Once upon a time, kids grew up riding bicycles—by themselves. Exploring the neighborhood, fleeing from the bigger kids who wanted to steal their bikes, discovering a series of supernatural tunnels beneath their small town...wait, sorry, that's the plot from "Stranger Things."
I was fortunate enough to have caught what was probably the tail end of that age, when my bike was the embodiment of freedom and adventure, all rolling on a pair of sweet mags.
I was also fortunate enough to catch the tail end of the BMX boom. When I was about 12 or so someone told me about a track on Long Island, and I showed up to race in a skateboard helmet, ripped jeans, and a Circle Jerks T-shirt I'd drawn myself. I was trembling with anxiety at the start, but as soon as the gate went down, I was hooked.
I was also, I soon realized, woefully underdressed. Sure, I did okay out on the track, but as my nerves steadied and I was able to size up the competition, I began to notice that with their motocross pants and full-face helmets, they looked just like the racers in BMX Plus! magazine. I also noticed that they were looking at me funny, possibly because they didn't know who the Circle Jerks were, but just as likely because they did and I'd drawn their logo really badly.
Clearly I had to up my game.
Having thus far spared my father the time and expense of participating in organized sports, he indulged me by taking me to my favorite bike shop for some new apparel. I chose some padded and embroidered nylon pants, a perforated jersey, and a formidable helmet. Now I was the real deal.
What I wasn't was comfortable. The jersey was okay, but the pants were stiff and whooshy, and the helmet obscured my vision and felt like it weighed more than my bike. Still, I refused to admit that it felt much better to race in my jeans and T-shirt, and I wore my padded clown suit for the rest of my BMX career.
Then came adulthood. And road racing. And Lycra.
Bike fit, saddle choice, and hygienal common sense are more important than bib shorts and chamois.
Of course, the roadie ensemble differed from the BMX gear in one crucial respect—which was that it was light and comfortable. After all, a 50-mile road race in jeans and a T-shirt would be less than ideal. At the same time, putting it on was no less of an obligation. In fact, it was even more of an obligation, since at least in my BMX days, I'd still wear regular clothes the rest of the time. Now I couldn't get near a bike without putting on my superhero costume first. Maybe I'd commute in street clothes, but everybody knows your commute isn't a "real ride."
Why did I think this way? Well, part of it was that I was way too proud of being on an amateur bike racing team, like Ralph Kramden was of bowling for the Hurricanes. Another problem: I put too much stock in the popular ideas about cycling and clothing, including but not limited to:
- Don't worry about using a comfortable saddle, just ride with padding sewn into your shorts at all times;
- Cycling in underpants is for noobs and will cause your crotch to explode in saddle sores and fungus;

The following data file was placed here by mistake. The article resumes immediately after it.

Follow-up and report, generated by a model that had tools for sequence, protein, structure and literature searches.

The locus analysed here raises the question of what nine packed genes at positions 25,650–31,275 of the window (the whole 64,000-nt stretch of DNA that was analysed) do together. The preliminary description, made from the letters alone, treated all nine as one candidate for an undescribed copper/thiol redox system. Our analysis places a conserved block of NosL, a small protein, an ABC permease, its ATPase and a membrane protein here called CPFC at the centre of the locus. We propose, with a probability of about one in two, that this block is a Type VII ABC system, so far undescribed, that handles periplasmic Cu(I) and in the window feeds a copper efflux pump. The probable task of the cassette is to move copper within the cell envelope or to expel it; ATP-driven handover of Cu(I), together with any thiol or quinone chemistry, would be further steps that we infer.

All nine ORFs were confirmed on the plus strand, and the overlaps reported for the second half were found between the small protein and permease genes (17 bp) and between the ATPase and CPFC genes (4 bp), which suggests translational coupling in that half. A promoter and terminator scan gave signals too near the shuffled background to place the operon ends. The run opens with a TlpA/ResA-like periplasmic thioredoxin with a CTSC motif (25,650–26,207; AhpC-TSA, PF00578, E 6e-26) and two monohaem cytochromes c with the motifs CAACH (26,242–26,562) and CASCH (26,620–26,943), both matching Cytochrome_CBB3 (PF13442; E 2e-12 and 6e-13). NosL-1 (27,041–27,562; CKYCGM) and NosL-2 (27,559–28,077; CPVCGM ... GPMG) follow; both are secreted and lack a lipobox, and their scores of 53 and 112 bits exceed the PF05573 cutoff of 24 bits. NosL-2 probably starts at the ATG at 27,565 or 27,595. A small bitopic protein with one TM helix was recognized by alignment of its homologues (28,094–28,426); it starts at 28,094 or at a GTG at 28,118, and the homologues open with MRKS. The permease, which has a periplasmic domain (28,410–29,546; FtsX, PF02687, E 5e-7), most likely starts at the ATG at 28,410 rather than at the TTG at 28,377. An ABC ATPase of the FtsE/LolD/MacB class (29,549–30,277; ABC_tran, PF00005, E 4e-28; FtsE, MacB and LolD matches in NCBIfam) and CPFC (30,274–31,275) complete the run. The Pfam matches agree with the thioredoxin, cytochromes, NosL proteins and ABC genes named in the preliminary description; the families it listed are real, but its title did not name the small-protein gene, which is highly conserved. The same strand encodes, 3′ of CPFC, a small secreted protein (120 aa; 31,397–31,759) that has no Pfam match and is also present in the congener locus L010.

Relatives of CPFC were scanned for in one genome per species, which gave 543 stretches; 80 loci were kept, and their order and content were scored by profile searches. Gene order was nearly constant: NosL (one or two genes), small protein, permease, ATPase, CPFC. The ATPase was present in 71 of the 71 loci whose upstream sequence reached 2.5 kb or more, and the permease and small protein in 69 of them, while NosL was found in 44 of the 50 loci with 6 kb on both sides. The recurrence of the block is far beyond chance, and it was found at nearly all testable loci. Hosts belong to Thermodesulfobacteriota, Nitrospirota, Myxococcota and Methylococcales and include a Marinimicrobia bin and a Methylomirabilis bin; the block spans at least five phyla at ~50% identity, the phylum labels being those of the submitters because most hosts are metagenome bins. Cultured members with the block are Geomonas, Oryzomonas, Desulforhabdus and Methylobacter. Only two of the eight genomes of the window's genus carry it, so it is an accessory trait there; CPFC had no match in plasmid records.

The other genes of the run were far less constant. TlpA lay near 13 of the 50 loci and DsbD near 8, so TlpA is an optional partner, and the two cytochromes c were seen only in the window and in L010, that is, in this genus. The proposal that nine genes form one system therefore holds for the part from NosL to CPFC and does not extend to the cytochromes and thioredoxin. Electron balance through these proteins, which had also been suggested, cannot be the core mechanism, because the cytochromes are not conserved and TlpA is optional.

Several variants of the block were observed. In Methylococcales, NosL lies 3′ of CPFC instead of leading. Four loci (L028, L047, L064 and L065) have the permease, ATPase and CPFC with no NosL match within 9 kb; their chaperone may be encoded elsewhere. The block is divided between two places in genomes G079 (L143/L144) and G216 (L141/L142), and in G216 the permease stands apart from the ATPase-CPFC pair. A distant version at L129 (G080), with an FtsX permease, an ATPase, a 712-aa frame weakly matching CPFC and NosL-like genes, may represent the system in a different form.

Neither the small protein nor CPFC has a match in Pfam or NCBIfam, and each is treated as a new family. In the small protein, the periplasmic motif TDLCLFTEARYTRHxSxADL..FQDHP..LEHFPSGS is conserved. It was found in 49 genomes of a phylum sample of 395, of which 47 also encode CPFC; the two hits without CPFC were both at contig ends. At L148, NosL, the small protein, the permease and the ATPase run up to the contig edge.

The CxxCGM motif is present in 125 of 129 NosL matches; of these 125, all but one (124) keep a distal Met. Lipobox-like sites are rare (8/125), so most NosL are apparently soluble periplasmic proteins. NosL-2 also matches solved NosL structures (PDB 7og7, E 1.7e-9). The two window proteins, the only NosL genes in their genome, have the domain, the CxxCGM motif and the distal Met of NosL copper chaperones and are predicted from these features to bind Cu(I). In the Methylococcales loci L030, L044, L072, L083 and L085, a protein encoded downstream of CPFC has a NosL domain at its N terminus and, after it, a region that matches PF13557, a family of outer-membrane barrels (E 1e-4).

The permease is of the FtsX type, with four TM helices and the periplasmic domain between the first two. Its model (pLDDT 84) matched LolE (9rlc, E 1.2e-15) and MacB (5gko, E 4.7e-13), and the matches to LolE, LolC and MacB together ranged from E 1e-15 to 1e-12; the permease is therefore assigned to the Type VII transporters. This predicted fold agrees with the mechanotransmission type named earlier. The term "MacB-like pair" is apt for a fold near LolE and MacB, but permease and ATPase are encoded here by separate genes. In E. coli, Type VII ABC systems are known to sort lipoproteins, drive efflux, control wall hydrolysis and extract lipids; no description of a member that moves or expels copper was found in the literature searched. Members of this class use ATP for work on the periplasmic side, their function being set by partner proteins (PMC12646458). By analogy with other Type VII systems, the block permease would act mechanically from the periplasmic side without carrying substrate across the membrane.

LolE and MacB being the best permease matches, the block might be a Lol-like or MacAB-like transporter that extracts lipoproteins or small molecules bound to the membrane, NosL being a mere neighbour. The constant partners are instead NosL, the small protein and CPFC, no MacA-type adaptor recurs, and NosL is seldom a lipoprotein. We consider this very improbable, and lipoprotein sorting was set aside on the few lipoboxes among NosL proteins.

- Cotton is no good for riding, it won't wick the moisture, and in winter you'll freeze to death and die.
And so I persisted in this state of profound weeniedom until I had kids and more or less stopped racing, which is a fairly typical sequence of events. But while you'd think this would curtail my riding, it had the opposite effect. For one thing, when I did find time to ride, I made every second count. For another, when you're making every second count, you learn not to squander them on selecting exactly the right racing silks. Sometimes a window opens up unexpectedly and you strike out for a ride in the very clothes on your back.
When it came to breaking my addiction for cycling-specific attire on every ride, I caved first with mountain biking. I'd already been commuting in streetclothes past some local mountain bike trails and thinking to myself, "Wow, I'd sure like to take a detour through there if only I were dressed for it." Then I realized it was a county park and not a Bar Mitzvah and I could wear whatever the hell I wanted. So I started commuting on my mountain bike once in awhile and working some singletrack into my commute, and when my crotch didn't explode and I didn't die, I found myself forsaking the bikey clothes more and more often.
Yes, cycling clothes are great, but they're also expensive and limiting and chances are you need to wear them less often than you think. You know what's a nice cool-weather cycling garment? A $130 Rapha Core Long Sleeve Jersey. You know what's also a nice cool-weather cycling garment? That wool sweater you've had for like 15 years. As for cotton, you spent your entire childhood running around in a T-shirt and jeans, and apart from marketing, there's nothing stopping you from doing that now. You sweat, it gets wet, then it dries. Big deal.
And what about riding in underwear, anyway? Granted, a hundred nonstop miles in August might be asking for trouble, but other than that it's really not such a big deal. Bike fit, saddle choice, and hygienal common sense are more important than bib shorts and chamois. Nevertheless, the first thing we teach the noobs is to never wear underwear with cycling shorts, even though we've totally lost sight of how to ride a bike without first putting on cycling shorts.
I'd never ditch my cycling clothes altogether. But if you too were lucky enough to grow up riding, you may remember the joys of moving seamslessly from activity to activity without having to execute a complete wardrobe change each time. Sure, you can't time-travel, but you can totally recapture the freedom and excitement of ripping around town in jeans and a T-shirt.